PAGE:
Why Your Used Car Is Worth Less (And What You Can Do About It)

Sell your car and still come out ahead.

2014 Toyota Corolla

If you’re planning to sell your car either to a private party or to trade it in to a dealer for a new car, then you may have discovered that its value has slipped in recent months. Besides being a few months older and with more miles on the odometer, there are some good reasons why your cars valuable has been slipping. Well tackle those issues here and help you get more for your car when you’re ready to make a sale.

1. Lower gas rates equals falling prices for economical cars. In recent years as gas prices have risen so has the value of fuel efficient small cars. Earlier this year, gas prices topped $4 per gallon across much of the nation, pulling up used car prices with it. As gas prices fall as they are doing in summer 2012, used car values are also falling. This is one area of car pricing you have little control over, but take heart if you own a luxury car as scant supplies of these vehicles has been driving up prices according to the National Automobile Dealers Association and its Used Car Guides.

2. Make mention of a warranty. Later model used cars often come with a new vehicle warranty, one that may not have expired yet. Check your warranty and if it is fully transferrable to a new owner, make note of that when you advertise your car for sale. Even older models from Kia and Hyundai may still be covered, given that both companies offer a 10-year/100,000-mile powertrain warranty. An available warranty adds values to a car.

3. Get it ready to show. You can make up for the dropping value of used cars, by ensuring that your vehicle is in tip-top shape and looks great. Any maintenance issues should be resolved before you put your vehicle on the market. You’ll also want to wash and wax it, detailing it by using an old toothbrush to lift crud from cracks, a soft brush on the wheels to remove brake dust and pay particular attention to hazed-out headlamps. Providing similar attention to the interior can make your car look great and fetch you more when you’re ready to sell it.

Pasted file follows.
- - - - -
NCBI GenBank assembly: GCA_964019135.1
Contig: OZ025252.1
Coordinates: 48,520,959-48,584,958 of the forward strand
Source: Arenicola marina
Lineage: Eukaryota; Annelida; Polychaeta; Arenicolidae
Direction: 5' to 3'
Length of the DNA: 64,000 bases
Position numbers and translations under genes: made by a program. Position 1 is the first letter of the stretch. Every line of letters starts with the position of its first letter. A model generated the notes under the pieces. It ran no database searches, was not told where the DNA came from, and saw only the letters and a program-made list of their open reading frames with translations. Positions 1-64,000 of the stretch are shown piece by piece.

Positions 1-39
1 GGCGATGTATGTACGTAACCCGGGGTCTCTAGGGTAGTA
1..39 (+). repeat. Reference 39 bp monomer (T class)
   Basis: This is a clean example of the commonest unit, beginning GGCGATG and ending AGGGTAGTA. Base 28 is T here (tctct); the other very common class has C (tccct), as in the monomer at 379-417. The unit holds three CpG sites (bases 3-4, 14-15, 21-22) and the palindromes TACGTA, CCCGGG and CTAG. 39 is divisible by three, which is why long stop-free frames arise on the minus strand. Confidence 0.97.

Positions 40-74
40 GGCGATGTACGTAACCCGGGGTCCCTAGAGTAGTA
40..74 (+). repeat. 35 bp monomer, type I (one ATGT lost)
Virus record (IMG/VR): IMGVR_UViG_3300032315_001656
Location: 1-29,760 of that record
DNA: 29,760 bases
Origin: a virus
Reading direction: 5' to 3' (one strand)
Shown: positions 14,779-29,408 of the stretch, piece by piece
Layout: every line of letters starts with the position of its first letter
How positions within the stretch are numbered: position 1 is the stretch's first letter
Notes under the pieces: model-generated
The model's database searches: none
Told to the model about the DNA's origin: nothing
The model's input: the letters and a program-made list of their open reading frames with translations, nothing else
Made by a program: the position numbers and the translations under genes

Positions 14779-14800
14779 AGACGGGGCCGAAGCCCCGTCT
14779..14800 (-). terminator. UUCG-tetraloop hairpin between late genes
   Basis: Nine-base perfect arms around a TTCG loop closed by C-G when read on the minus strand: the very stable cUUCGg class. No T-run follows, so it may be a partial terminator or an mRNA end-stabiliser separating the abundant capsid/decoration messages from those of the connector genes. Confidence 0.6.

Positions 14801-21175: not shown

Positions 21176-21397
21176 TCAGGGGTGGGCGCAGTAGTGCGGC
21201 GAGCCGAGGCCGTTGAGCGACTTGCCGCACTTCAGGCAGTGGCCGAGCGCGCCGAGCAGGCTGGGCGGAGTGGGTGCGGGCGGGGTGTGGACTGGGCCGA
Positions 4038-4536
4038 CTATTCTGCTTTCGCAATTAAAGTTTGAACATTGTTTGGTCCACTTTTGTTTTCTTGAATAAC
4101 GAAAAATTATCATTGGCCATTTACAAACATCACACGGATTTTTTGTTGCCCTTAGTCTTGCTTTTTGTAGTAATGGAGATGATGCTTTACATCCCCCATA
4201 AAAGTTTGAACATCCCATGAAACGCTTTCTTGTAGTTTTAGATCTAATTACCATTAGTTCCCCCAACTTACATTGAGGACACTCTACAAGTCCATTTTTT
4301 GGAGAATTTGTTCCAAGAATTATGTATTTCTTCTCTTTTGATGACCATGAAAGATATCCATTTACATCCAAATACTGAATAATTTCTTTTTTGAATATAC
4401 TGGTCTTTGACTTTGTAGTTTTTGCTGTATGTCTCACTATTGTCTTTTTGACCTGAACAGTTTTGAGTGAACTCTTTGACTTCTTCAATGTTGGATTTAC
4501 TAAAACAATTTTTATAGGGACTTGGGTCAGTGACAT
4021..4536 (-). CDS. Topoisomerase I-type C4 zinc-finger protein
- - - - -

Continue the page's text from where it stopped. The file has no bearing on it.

4. Sell it privately. It takes more work and preparation to sell a used car privately, but you stand to make much more money on a private sale than through a trade-in. Your car dealer may be willing to take your old car off of your hands, but that comes with a price reduced profits fro you. Dealers will sometimes inflate the price of your trade-in to make it look as if youre getting a good deal, but youll pay in some other way such as receiving less of a discount for your new car.

5 Advertise it effectively. These days, you don’t have to take out an expensive newspaper advertisement to market your car. Indeed, word of mouth advertising can help you sell your car, perhaps to someone you know. Start with the people nearest and dearest to you and tell them that your car is for sale. Ask them to help spread the word, providing contact information and car details on a flyer or through an email message to help your market your car. Beyond the people you know, online ads through services such as MSN Autos, AOL and Edmunds.com can also attract buyers according to Consumer Reports.

Private Sale

Ultimately, the value of your used car doesn’t always coincide with what a buyer may be willing to pay for it. A few percentage point drop in car values can be made up if your car is in good running condition, looks great and is a model that is in high demand. Negotiate wisely and you’ll come out ahead in a private party car sale.


See Also8 Reasons to Avoid a Particular Used Car

Author: admin
Matt Keegan has maintained his love for cars ever since his father taught him kicking tires can be one way to uncover a problem with a vehicle’s suspension system. He since moved on to learn a few things about coefficient of drag, G-forces, toe-heel shifting, and how to work the crazy infotainment system in some random weekly driver. Matt is a member of the Washington Automotive Press Association and is a contributor to various print and online media sources.

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